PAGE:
- Prohibits police departments from buying certain military equipment.
- Ends prison gerrymandering. (You'll want to click if you're not aware.)
- Diverts people accused of low-level drug crimes into treatment and substance abuse programs.
- Expands services for victims.
This is incredible, comprehensive reform that will bring Illinois law into the 21st century and hopefully keep improving the Illinois criminal justice system for years to come.
fascism law enforcement, naturally, is furious anyone might ever seek to limit its power in any way.
The Illinois Law Enforcement Coalition called the law "anti-police" and claimed it "unfairly targets officers and attempts to punish them[.]" Which is true, if you think giving other people rights is an unfair attempt to punish you.
And Jim Kaitschuk from the Illinois Sheriffs' Association, apparently without irony, admitted the current system was unfair, complained about a lack of resources for people suffering from addiction and mental health problems, and ... then said those people need to be thrown in jail. "The only way to intervene is to arrest them and bring them to jail, where you have the opportunity to sit in a cell and get some help," said Kaitschuk, somehow missing the fact that those are among the people this law should help keep out of jail and get into treatment. And he was SO close!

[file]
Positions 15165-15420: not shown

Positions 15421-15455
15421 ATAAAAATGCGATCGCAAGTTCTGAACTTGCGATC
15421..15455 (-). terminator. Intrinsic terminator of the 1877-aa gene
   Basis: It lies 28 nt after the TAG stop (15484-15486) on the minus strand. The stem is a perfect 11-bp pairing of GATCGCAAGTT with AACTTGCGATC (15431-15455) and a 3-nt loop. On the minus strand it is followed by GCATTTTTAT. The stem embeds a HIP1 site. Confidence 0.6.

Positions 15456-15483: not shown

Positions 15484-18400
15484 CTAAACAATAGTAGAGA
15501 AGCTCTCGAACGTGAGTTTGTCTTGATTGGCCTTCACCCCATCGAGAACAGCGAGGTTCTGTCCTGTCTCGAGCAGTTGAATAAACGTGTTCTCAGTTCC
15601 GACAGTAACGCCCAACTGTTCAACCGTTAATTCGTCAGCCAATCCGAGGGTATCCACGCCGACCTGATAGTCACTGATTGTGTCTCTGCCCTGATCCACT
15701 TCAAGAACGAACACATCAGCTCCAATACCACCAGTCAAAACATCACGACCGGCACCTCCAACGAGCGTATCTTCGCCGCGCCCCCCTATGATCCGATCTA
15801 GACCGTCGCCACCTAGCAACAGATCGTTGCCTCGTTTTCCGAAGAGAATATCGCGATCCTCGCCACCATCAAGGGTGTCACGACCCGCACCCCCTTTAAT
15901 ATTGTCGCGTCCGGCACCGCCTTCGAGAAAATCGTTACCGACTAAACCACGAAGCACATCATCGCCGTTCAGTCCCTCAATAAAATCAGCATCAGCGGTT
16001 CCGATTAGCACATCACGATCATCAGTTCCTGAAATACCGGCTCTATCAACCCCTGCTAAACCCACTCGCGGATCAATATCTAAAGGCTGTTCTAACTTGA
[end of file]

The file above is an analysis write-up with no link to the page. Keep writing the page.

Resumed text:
In response to this line of bullshit, Sharone Mitchell, the head of the Illinois Justice Project, rightly notes that these groups "oppose, essentially, any and every significant proposal to change" to our carceral system. And State Senator Elgie Sims reminded everyone that the law is intended to keep the exact people Kaitschuk was talking about out of jail, saying, "The argument that we have to lock people up to get them help is antithetical to what we're trying to accomplish."
Well done, Illinois!
I'm very proud of the state I grew up in this week. This law is the result of years of work by activists, grassroots organizers, the Coalition to End Money Bond, and the Illinois Legislative Black Caucus.
It's going to take two more years to implement the new bail system, and in the meantime, hundreds of thousands of people will be held in Illinois jails simply because they can't afford to pay money bond. Check out the Chicago Community Bond Fund, which helped get this legislation passed and does great work.